Although osteoarthritis is not limited to older persons, it is primarily a disease of aging. In one survey, the incidence and prevalence of disease increased 2- to 10-fold from ages 30 to 65 years and continued to increase with further aging.3 Because the prevalence of osteoarthritis increases with age, the incidence of osteoarthritis is expected to increase dramatically as the cohort of baby boomers advance into old age.

According to Spector et al4, genetic factors account for at least 50% of cases of osteoarthritis in the hands and hips and a smaller percentage in the knees. Candidate genetic markers for osteoarthritis include the vitamin D receptor gene, insulin-like growth factor I genes, cartilage oligomeric protein genes, and the human leukocyte antigen (HLA) region. Estrogen deficiency in post-menopausal women may play a role in increasing the risk for osteoarthritis; however, the evidence is conflicting.5,6 Nutritional factors may also play a role; results from the longitudinal Framingham Knee OA Cohort Study showed that progressive radiographic osteoarthritis and knee pain were negatively correlated with vitamin C intake, whereas results for β-carotene and vitamin E were inconsistent.7 Additionally, the risk for progression of osteoarthritis was increased threefold for persons in the middle and lower tertiles of both vitamin D intake and serum level.8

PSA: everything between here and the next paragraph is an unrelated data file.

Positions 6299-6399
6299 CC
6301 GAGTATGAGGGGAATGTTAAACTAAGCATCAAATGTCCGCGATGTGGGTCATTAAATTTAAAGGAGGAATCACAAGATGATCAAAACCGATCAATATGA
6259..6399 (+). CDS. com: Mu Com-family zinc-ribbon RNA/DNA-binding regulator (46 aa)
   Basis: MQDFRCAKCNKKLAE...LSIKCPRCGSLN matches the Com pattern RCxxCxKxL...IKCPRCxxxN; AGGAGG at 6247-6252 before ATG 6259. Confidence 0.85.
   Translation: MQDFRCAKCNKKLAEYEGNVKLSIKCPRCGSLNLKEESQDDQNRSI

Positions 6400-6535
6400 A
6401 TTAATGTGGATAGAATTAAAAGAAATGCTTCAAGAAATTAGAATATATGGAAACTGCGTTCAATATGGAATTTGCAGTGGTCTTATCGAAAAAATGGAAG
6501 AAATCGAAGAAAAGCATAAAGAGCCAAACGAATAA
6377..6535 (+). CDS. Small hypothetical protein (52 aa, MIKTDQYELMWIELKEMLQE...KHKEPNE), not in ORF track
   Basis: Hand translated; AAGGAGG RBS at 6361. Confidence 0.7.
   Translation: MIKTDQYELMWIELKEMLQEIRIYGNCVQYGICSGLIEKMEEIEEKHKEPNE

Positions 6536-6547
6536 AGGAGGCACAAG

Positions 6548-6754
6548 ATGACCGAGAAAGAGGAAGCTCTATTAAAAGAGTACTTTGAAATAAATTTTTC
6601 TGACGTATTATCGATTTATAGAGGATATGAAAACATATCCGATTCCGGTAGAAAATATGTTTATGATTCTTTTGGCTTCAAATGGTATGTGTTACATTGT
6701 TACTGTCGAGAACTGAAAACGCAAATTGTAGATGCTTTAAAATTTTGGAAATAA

Obesity is associated with a high prevalence of knee osteoarthritis and most often precedes the development of joint problems in individuals who are obese.9,10 In most studies, but not all, the increased risk of osteoarthritis of the knee is higher in overweight women than overweight men.10 The effect of obesity on osteoarthritis is made more disturbing because obesity is reaching epidemic proportions in the U.S. having increased more than 50% in the past 10 to 15 years.11

Other risk factors for osteoarthritis include post-traumatic joint instability12, peri-articular muscle weakness13, sports injuries14, and occupational factors such as repetitious tasks15, and heavy physical labor.16